Rounding up these alpacas is going to take bravery, stealth
and lots of agility.
I think we have to try and get them in there, but it looks really hard.
And they're off. Let's go!
# One way or another... #
Run that way, Junior Vets.
Andy sort of gave us, like, this dead simple plan.
-You had to stand still and hope they don't come running to you.
Bonte shows no fear, going straight for Drake.
But he's not coming quietly.
-Ah, we seem to be getting somewhere.
-Just walk towards him.
# One way or another... #
It took us a while cos they kept running past us.
# I'm going to getcha, getcha, getcha, getcha
# One way or another. #
Later, hang onto your goggles as we discover why sharpshooter
-Drake has such a bad rap.
Back at vet school, Jamie and Nyatepe have been called in
to help vet Scott, who has a poorly patient with a mystery illness.
Right, guys. This is Isla. She's your patient today.
-Is she a bull mastiff?
-She's not a bull mastiff.
That's quite a good guess. She's a boxer dog, OK?
Three-year-old Isla might look healthy
but previous blood tests suggest she could have a serious kidney problem.
That wasn't something that we expect to find
so we want to investigate today
whether that's something we have to be worried about.
Does it involve an X-ray or anything?
I don't think we're going to do an X-ray to begin with.
One of the things that gives us a lot of information about how
the kidneys are functioning is looking at a urine sample.
How do you think we'll go about getting a pee sample from her today?
-Put a cup under?
-Put a cap under her, yeah.
-So we're going to see how we get on, OK?
Just a wee job for our pet detectives first, then.
They're going to jump in and grab a sample when Isla decides to pee.
Just be watching out as we go up, just in case she squats to pee, OK?
Cos you're totally in charge.
I was walking Isla
and Nyatepe was the one who had to be quick on the draw.
Just be ready to catch her, OK?
Got one chance to do this and if you miss it, then that's it.
It's not, like, every day you get a dog and take a wee sample
so it is quite weird.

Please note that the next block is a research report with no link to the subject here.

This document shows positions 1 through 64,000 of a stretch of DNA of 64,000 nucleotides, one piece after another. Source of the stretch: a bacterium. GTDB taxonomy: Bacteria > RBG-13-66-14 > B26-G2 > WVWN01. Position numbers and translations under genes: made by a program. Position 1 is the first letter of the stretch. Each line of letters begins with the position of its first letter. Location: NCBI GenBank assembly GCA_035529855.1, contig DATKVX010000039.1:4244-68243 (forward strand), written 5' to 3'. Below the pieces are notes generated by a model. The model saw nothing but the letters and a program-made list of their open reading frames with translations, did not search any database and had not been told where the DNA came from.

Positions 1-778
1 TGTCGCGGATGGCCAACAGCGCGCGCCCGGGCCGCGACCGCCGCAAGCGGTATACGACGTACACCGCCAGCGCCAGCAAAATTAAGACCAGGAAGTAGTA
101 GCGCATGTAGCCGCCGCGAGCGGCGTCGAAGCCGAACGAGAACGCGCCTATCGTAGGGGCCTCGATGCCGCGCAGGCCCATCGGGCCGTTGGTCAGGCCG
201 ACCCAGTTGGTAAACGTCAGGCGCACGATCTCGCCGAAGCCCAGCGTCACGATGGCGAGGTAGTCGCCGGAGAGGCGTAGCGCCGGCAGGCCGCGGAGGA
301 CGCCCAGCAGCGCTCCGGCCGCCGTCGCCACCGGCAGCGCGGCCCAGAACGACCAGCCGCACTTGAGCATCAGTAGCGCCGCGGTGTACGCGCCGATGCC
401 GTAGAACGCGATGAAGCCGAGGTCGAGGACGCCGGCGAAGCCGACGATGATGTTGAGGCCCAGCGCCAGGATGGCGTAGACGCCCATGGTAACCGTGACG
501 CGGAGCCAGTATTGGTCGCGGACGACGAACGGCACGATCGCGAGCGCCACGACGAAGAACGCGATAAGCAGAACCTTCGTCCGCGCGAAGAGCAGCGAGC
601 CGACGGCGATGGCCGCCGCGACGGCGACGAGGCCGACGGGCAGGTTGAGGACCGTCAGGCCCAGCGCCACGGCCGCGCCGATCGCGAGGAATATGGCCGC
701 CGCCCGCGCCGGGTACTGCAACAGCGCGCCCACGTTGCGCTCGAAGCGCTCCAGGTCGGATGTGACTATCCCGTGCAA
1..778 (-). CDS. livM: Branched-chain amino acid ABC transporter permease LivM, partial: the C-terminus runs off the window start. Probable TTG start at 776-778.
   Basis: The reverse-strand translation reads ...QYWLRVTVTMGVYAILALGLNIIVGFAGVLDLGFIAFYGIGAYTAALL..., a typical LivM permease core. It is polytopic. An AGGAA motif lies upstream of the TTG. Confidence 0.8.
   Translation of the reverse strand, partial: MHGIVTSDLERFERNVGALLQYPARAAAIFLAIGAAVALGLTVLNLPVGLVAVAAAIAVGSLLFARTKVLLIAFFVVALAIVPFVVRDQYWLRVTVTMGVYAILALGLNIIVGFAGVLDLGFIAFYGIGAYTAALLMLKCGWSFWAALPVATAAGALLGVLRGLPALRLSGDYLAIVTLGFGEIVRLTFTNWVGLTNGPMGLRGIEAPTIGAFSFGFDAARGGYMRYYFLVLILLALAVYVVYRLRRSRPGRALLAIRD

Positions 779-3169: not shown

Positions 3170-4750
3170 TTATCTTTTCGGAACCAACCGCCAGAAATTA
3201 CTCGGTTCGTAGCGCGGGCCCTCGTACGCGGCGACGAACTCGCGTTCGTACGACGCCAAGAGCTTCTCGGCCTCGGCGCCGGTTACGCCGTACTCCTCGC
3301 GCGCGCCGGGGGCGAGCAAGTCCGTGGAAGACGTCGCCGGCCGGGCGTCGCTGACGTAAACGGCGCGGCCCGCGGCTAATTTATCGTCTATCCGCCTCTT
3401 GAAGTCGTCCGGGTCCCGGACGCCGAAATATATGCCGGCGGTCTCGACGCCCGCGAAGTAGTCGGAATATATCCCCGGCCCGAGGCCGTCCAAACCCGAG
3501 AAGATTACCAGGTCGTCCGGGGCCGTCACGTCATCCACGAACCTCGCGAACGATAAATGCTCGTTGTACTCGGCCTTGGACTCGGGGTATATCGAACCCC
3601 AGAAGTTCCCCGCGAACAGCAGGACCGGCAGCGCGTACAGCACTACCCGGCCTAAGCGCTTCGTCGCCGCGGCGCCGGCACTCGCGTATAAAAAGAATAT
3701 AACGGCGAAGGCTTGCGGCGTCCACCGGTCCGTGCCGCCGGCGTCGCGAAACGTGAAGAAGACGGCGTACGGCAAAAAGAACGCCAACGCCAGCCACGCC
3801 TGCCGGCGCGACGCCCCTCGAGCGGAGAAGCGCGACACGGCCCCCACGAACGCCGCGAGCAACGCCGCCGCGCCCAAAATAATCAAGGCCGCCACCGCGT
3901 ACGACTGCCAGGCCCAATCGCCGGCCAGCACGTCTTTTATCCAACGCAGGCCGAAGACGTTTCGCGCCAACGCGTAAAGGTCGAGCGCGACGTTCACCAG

Weird indeed, but without the wee sample,
we might never get to the bottom of what's wrong with Isla.
-I don't think we're doing very well here, are we?
No. Just couldn't get her to wee, could we?
With no pee in their pot, Scott decides on a different,
more direct way of getting the important sample.
What we're going to do is use this ultrasound machine
to look at her bladder first of all
and then we'll try and pop a needle in
to get a sample from her bladder directly, OK?
The ultrasound machine will help the team see inside Isla
so they can locate her bladder
and then collect a urine sample using a syringe.
Do you want to come round, then, and we'll start clipping her tummy.
This may seem strange but it's the easiest way of getting the sample
that might help us discover what's wrong with Isla's kidneys.
-So we want to clip all of this here, right up to here. OK?
Isla will be sedated but awake for this.
She's a bit nervous, so Jamie does his best to keep her calm.
-Good girl, Isla.
-Everyone's ready to get that all-important sample.
And later, the team finally get to the bottom of Isla's illness.
So, can you notice anything abnormal in the kidney area?
This is the Scottish Borders Donkey Sanctuary.
It's full of - you guessed it - donkeys!
Nearly 80 of them, all arrived here because they needed a good home.
Rescued donkey Rebecca has a new arrival herself.
Six days ago, she gave birth to daughter Poppy.
And Junior Vets Josh and Molly have the pleasure of being
the first ever vets to treat proud Rebecca's tiny foal.